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Anime Expo 2007
Chiaki Ishikawa Concert

by Jonathan Mays,
July 1, 4:20 p.m.

Yuki Kajiura brought half of See-Saw to Anime Expo in 2003. Now, Chiaki Ishikawa is here to finish the job.

Lights out at 4:32. Except on the podium. “Thank you, everybody, for coming to Anime Expo and to the live of Ms. Chiaki Ishikawa. We will start now.” Ha, how quaint.

The concert opens with…a cello/viola duet? Violins join, then a clarinet: it's an arrangement of “Annani Issho Dattanoni.” I only wish it were live! White spotlights weave through the crowd of at least 1,500. The two-minute orchestral overture wraps, and the crowd cheers politely.

Ishikawa walks on from stage right, wearing a dull cerulean shirt, pants, and knee socks. The Gundam theme swells over the speakers. “Hi,” she squeezes in just before the chorus begins. Her voice is smooth and serene. Until she punctuates the line: “Yeah!” The floor crowd is psyched.

Ishikawa's challenge tonight is to work with the prerecorded instruments so this doesn't sound like karaoke. So far, so good: she holds the end of the chorus straight into the next verse. The balance is fine, but it is hard not to wish Kajiura were here, too.

With no pressure from Ishikawa, the crowd chants “Hey” on opposite beats through the second half of the bridge. Their initiative should compensate for Ishikawa's tame step-clap routine. She's a bit sharp on the sixth note after the bridge, an unlucky slip where there is no backbeat to cover her. The rest of the time, Ishikawa is pitch perfect.

The microphone loses her for a moment near the end. She makes up for it by holding the Last Note for a full five seconds. The last segment is instrumental, which is awkward when everything is prerecorded but less so when the crowd chants to the end. Ishikawa bows.

“Thank you! I'm Chiaki Ishikawa.” Translated on stage: “Is everyone enjoying Anime Expo? I'm still in shock right now, to be honest with you. I was very surprised to find out that so many people actually know about me and See-Saw. A few years ago, my partner, Yuki Kajiura, also attended Anime Expo. She had a very wonderful time, too. To be honest with you, I don't really go out on ‘lives’ in Japan.” A collective “aww.”

“I'm very excited to do a ‘live’ here in America.” Cheers interrupt her. “—Thank you! For this 'live' today, I've collected songs that you all may know, so please enjoy. Does everybody know Dot Hack? The next song is 'Kimi ga Ita Monogatari.' Please listen.”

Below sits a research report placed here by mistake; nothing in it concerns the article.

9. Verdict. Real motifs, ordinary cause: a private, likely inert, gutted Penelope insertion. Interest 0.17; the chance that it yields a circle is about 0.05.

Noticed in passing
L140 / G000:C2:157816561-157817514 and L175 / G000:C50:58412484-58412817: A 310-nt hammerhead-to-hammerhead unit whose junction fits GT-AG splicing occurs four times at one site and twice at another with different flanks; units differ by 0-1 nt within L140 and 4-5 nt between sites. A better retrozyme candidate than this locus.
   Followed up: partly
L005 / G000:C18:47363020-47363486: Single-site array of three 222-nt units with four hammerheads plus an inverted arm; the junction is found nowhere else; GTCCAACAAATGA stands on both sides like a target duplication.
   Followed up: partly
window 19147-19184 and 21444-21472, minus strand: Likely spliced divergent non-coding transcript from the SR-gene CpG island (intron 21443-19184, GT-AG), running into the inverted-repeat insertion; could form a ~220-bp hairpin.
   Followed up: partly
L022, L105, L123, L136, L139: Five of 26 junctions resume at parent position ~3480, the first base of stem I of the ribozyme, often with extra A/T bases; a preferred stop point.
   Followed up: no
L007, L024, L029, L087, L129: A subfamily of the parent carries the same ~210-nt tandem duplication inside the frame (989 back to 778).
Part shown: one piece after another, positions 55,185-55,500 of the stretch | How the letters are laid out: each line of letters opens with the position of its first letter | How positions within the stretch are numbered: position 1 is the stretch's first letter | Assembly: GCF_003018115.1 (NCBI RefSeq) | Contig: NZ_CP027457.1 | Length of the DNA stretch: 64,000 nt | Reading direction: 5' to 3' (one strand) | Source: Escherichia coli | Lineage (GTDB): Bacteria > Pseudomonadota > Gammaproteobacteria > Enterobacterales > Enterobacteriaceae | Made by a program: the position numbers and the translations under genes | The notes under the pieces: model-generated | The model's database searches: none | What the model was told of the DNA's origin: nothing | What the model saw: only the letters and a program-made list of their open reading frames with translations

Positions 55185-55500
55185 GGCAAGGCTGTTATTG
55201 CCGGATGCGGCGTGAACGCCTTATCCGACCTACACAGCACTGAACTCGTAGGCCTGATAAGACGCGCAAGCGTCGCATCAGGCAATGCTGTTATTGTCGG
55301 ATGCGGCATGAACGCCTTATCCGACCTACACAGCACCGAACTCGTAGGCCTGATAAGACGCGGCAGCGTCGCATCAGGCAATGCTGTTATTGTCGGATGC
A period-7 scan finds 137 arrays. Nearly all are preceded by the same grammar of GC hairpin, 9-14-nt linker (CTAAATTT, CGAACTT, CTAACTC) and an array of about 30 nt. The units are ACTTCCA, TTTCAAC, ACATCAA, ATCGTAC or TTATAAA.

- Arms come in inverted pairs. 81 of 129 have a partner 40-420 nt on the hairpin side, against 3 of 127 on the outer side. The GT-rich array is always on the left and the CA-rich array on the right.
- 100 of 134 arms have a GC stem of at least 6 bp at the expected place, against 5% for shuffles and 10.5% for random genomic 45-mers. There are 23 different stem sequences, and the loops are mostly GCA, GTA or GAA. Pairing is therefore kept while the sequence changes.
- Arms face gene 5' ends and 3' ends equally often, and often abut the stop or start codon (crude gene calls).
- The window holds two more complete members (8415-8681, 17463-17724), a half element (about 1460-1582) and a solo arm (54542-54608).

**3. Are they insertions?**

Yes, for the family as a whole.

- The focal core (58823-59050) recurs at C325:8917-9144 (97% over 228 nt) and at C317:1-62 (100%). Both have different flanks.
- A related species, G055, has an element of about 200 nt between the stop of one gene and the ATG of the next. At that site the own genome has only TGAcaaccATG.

More step-clapping. The audience picks it up, or at last the clapping. Piped in electric guitar—ick. Ishikawa makes the most of it with her pristine voice. At least the vocals, in classic three-phrase Kajiura form, are cool. For a moment I think the bass is too loud, but maybe it's just a weird sensation with the extreme pitches: so high and so low with nothing in between. I'd like to hear a studio version. As a live song, it's not really working.

Ishikawa grabs a sheet of paper and puts it on a music stand to her right, which I hadn't noticed in the dark. Some folks in the front row start leaping hilariously. They look like fools, but I guess you can't knock enthusiasm. Ten seconds of white strobe lights mark the end of the song. She grabs a drink of water.

“Thank you very much. Is everybody in the front all right? You're jumping around a lot.” Ha!

“The one thing I'm so surprised about here at Anime Expo is how everybody is dressed in cosplay. The first time I came to the hotel, the elevator opened, and a cosplayer came out with a shovel. That surprised me very much. There was also a person with a shower cap on. Now please tell me, what kind of character is that? Coming here, to this 'live,' I saw somebody pretty much naked. Once cosplay reaches its prime point, I guess that's how it becomes. Today I'm wearing a costume as well. I feel like I lost. I guess it's okay. It's myself.”

Dot Hack's “Yasashii Yoake” is next, she says. The stage goes purple as synthesized strings and piano give way to a bass, flute, and drums. Once again the arena sound system is unkind to the low bass and high vocal registers. But I think the problem is deeper: it's just a muddy song. Fittingly, the fog machine obscures much of the stage. Ishikawa's vocal line descends after a couple of minutes. That's better. She wraps it up with a lyricless take on the melody.

“I love the songs from See-Saw. As, See-Saw both of us create songs together. Sometimes it's hard to create a song since we're both very stubborn about how we make our songs. But we've been together for about ten years, so it's pretty much like we're married. I feel like I am where I am now because I was able to work with her. I hope she feels the same way. Right now she's collaborating with a lot of other artists, but I want to be the one who sings her songs the best.

“Last year I started my solo debut. When I work by myself I do feel a little of sad. Sometimes I have to scream out, too. Everyone around me seems very nice. I feel very relieved that I have great fans, and I feel like I've become nice, too. Right now there's an anime called Bokurano that's airing. I believe this work is very charismatic. When I heard about this story last year, I was very excited. This was a story about children dying one by one. The story isn't about just how sad the story is, with the death of the children. I believe it has something that happens even now, to this day. Children crave to live. And I believe craving to live is what makes them who they are now. So please listen to my next song, 'Uninstall.'”